You'll still want a heat engine for the energy in the neutron, but since you loose energy breeding more tritium, and converting heat to electricity is hard, you only get about twice as much electricity from the neutron as the He4 nucleus, even though it has 4 times the energy.

Wind has more pressing issues with scaling and diffuseness. On large scales, each wind farm isn't independent, and so you need 10-20x overcapacity, or alternatively the ability to store 2-3 weeks of energy supply for the country. Both are difficult. There are related issues with reliability of supply; countries with substantial renewable usage routinely use their neighbours as reliable backup. (eg. German wind falls back on French nuclear)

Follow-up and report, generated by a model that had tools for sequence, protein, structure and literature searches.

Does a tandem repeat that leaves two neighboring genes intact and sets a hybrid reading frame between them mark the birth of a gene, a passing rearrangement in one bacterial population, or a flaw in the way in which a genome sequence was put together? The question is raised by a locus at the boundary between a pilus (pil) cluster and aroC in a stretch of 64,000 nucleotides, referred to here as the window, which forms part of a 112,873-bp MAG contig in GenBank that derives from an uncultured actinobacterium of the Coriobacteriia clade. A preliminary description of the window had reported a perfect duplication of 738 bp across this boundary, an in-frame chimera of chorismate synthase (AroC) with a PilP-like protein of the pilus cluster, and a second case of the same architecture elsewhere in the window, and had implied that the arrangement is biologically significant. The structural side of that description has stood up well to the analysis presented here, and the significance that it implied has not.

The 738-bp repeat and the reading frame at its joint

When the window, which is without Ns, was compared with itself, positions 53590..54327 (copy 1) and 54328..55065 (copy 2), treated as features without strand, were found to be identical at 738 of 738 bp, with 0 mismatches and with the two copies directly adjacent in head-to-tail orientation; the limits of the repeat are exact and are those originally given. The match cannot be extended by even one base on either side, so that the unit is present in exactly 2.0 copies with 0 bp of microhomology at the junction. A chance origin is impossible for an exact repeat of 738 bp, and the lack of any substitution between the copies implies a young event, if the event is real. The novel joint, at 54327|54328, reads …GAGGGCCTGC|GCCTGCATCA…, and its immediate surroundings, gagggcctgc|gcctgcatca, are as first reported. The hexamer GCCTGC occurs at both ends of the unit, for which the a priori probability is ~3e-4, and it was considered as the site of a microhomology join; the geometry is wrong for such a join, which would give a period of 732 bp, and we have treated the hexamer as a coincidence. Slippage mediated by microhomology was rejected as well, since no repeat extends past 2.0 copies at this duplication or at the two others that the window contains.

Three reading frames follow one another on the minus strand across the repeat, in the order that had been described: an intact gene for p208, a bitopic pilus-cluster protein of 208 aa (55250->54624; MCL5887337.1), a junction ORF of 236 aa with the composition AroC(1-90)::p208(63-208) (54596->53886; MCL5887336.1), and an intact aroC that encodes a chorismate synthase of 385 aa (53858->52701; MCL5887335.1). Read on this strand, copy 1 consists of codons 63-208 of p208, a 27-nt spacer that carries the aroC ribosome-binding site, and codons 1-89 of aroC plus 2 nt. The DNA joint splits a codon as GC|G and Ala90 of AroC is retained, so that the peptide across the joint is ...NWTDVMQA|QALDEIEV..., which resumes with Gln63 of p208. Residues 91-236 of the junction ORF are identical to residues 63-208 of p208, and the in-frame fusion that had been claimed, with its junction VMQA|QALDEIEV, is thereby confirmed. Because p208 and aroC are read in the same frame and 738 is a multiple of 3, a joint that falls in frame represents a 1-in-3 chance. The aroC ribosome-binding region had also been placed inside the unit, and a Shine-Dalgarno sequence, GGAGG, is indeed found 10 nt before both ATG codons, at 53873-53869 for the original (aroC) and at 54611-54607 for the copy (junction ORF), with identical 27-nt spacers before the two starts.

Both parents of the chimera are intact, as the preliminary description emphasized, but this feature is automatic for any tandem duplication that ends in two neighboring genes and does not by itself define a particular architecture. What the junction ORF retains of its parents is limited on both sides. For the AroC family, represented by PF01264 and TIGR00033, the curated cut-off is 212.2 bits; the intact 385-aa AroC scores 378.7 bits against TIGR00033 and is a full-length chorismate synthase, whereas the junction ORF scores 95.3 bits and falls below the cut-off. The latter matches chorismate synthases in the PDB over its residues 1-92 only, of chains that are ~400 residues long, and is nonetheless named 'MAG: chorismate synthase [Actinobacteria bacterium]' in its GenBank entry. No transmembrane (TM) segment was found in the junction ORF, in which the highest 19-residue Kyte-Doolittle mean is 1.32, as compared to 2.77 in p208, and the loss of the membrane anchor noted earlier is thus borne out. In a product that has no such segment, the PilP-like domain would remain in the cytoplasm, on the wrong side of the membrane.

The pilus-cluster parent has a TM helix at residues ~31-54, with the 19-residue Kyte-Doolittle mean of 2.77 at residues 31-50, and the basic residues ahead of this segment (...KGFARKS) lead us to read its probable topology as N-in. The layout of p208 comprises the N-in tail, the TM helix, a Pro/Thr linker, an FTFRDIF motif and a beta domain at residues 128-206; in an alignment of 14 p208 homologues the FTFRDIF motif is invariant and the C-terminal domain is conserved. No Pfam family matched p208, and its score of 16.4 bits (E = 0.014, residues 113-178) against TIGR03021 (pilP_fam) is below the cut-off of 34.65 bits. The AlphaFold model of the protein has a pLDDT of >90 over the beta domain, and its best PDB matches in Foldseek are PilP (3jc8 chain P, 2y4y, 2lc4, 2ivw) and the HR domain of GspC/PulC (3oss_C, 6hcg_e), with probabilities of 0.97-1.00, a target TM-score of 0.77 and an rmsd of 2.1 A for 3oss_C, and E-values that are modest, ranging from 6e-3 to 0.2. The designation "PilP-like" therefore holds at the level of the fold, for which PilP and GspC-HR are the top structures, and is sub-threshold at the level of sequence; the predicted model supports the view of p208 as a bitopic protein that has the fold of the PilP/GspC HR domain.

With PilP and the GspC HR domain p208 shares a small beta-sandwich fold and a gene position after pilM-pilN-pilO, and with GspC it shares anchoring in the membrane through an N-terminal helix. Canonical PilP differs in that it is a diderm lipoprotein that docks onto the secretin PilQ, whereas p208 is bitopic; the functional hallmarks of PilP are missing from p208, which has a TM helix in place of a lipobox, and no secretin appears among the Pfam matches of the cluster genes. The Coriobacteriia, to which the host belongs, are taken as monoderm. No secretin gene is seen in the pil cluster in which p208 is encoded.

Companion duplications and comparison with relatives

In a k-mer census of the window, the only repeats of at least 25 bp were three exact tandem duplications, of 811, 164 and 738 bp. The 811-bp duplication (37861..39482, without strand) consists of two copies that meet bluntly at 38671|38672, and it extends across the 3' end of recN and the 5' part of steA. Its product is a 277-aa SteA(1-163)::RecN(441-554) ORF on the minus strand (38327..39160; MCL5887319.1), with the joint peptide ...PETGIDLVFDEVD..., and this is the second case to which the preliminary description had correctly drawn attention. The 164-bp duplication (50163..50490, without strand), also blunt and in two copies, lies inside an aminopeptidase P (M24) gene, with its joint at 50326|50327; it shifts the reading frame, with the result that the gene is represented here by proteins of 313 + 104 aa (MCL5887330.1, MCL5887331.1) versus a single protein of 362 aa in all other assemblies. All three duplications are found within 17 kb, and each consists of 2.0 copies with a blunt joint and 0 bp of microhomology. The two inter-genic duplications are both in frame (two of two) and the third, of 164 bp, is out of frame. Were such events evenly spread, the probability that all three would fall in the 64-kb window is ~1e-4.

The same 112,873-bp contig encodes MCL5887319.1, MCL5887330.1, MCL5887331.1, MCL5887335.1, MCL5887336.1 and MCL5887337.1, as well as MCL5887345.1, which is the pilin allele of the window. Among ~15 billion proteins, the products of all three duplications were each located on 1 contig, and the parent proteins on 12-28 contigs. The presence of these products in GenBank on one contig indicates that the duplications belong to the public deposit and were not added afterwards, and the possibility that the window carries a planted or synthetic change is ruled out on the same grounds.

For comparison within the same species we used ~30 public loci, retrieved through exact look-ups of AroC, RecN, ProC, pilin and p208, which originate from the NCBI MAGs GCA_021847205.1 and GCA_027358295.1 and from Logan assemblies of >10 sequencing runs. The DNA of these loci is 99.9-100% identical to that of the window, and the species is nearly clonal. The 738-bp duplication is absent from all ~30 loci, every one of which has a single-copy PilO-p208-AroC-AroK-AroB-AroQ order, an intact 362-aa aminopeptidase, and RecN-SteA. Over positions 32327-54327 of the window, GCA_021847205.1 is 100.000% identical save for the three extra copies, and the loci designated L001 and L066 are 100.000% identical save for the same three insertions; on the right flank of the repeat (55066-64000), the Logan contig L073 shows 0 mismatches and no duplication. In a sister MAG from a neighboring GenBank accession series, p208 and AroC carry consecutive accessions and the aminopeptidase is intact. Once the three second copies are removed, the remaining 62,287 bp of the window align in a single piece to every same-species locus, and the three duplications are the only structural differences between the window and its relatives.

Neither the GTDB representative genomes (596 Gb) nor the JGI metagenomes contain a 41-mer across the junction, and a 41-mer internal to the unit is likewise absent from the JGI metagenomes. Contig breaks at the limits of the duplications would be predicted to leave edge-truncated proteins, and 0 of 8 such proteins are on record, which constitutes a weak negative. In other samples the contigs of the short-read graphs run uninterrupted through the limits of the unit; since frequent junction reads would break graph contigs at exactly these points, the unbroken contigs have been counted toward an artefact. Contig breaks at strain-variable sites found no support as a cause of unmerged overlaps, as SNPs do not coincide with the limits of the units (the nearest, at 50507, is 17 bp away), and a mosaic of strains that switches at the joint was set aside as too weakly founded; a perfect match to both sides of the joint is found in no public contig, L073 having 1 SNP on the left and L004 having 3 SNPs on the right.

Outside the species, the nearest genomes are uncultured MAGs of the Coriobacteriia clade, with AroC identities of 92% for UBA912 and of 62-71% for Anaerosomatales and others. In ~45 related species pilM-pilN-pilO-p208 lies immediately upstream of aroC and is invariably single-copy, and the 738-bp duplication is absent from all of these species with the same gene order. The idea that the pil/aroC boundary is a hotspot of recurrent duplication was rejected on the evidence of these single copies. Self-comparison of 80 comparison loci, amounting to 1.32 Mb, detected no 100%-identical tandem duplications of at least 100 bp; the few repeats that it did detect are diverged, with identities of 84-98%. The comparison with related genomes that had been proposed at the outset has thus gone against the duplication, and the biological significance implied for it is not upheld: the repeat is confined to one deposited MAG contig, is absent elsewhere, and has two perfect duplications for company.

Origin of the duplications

How about we catch a lightning bolt and use the energy to fire up a self-sustaining fusion reaction?

Problem 1: Predicting where the next bolt will strike...
Well some areas are more prone to electric storms, so start there and go fishing with a decent copper rod.
OK, maybe the chance of a strike is still too low?

Problem 2: Containing the energy in the strike...
From the rod, direct it straight into the fusion cell, have the isotopes ready to go.

Problem 3: Sustaining the reaction...
Immediately fusion starts, divert some of the resulting power back to fuel the containment system sustaining the reaction.
What have I missed?

If there's a neutron coming off, could we use that to make normal hydrogen into deuterium or tritium, thus increasing the amount of fuel we have?

I second Boronx. The health physics implications of fusion are not trivial.